A Note on The Federalist and the Supreme Court

The chronology of the Supreme Court’s citations of The Federalist is a significant commentary on the persistent relevance of the papers and the variety of purposes to which they have been put. As the numbers indicate, the greater the distance in time from the writ¬ing of the papers, the more the justices have found it useful to draw on the authority of this two-century-old commentary. In the first thirty years after the adoption of the Constitution many of the jus¬tices had themselves been members of the ratifying debates (Chief Justice John Jay had of course been one of the Federalist authors), and the papers’ role as polemical briefs was still a living memory. They were seen as political arguments, however powerful, and had no aura of sanctity. Madison himself cautioned a correspondent against using the papers indiscriminately as an authority because the writers, he said, in their desperation, had been more zealous in their argu¬ments than he would have liked. Chief Justice John Marshall, who had been active in the Virginia ratifying convention, referred to The Federalist in McCulloch v. Maryland, but only to reject the defense attor¬neys’ use of the papers. “No tribute can be paid to their [the Federal¬ist authors’] worth,” he wrote, “which exceeds their merit; but in applying their opinions to the cases which may arise in the progress of our government, a right to judge of their correctness must be retained.” The Federalist, he felt, should not be blindly followed as an authority, though when he thought the papers were applicable to his arguments, he did not hesitate to use them. Thus Hamilton’s Federal¬ist No. 31, Marshall argued, clearly proved false the accusation that the federal government could or would deprive the states of the power to tax and collect revenue. “Had the authors of those excel¬lent essays been asked, whether they contended for that construction of the constitution which would place within the reach of the states those measures which the government might adopt for the execution of its powers, no man who has read their instructive pages will hesi¬tate to admit that their answer must have been in the negative.” In the anonymous newspaper essays he later wrote to defend McCulloch Marshall again argued that many of the opponents of the decision were using the Federalist essays incorrecdy to support their cause. His own citations were presumably correct, and later he joined Justices Joseph Story and William Johnson in citations that set a precedent for the role of The Federalist in High Court opinions.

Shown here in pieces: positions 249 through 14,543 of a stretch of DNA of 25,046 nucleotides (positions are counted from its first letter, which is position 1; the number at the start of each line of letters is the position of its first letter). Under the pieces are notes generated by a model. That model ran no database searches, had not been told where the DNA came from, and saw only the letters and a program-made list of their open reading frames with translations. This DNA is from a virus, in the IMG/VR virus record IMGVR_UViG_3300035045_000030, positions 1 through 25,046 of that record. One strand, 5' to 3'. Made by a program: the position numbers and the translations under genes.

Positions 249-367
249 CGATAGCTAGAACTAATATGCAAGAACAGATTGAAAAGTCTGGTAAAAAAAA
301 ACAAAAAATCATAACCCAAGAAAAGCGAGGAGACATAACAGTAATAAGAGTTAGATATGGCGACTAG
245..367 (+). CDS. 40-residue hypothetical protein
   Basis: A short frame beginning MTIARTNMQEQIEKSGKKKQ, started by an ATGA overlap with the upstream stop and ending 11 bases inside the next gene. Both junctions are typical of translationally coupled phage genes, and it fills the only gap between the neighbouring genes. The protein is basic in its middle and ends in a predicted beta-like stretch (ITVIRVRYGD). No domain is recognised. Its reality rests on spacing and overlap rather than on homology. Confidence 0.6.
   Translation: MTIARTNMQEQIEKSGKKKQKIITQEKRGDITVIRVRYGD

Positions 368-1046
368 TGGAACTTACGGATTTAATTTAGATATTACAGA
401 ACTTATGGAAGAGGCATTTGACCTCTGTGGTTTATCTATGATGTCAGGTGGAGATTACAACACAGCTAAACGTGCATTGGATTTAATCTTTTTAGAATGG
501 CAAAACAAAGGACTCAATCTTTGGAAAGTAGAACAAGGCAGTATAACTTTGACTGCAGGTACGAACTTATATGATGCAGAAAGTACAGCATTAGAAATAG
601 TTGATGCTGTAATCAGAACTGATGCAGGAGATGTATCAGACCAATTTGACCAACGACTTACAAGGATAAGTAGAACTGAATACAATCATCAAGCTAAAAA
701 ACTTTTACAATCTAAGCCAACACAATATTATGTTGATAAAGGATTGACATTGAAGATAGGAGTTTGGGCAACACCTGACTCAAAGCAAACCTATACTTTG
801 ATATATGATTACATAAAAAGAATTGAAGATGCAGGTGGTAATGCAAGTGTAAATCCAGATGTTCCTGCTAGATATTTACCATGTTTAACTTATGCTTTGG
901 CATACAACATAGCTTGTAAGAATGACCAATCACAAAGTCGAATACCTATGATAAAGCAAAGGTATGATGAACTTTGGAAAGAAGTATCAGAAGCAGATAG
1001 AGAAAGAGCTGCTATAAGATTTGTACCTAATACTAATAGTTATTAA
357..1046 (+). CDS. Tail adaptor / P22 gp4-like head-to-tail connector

During the remainder of the nineteenth century and through the 1920s the justices cited the papers only occasionally—they appear in between three and nine cases each decade. In those years counselors pleading before the Court referred to the papers almost as frequently as the justices. The reliance of the justices on the papers differed markedly: Story (1811-45) cited the papers five times, Stephen Field (1863-87) five times, and Melville Fuller (1888-1910) six times. But Justices John Marshall Harlan (1877-1911) and Joseph McKenna (1898—1925), who had similarly long terms on the bench, cited the papers only twice and once, respectively. Throughout the nineteenth century the most frequently cited Federalist essays were No. 32 (Hamilton, on exclusive and concurrent powers of taxation: eleven citations by 1894) and No. 42 (Madison, on powers delegated to the federal government: seven citations).
In contrast to the reserve that Madison desired, the need for care¬ful evaluation that Marshall advocated, and the infrequency of the citations in the nineteenth century, twentieth-century justices have shown little restraint in using the papers to support their opinions, and increasingly as an irrefutable authority. Between 1930 and 1959 the number of cases per decade in which the justices cited The Feder¬alist doubled over those of the preceding ten decades, and the rate doubled again in the 1960s, and doubled yet again in the 1980s. And the importance of the papers in these opinions and the reverence with which they were treated grew with the number of citations. At certain points The Federalist appears to have been a deciding factor in the justices’ decisions.

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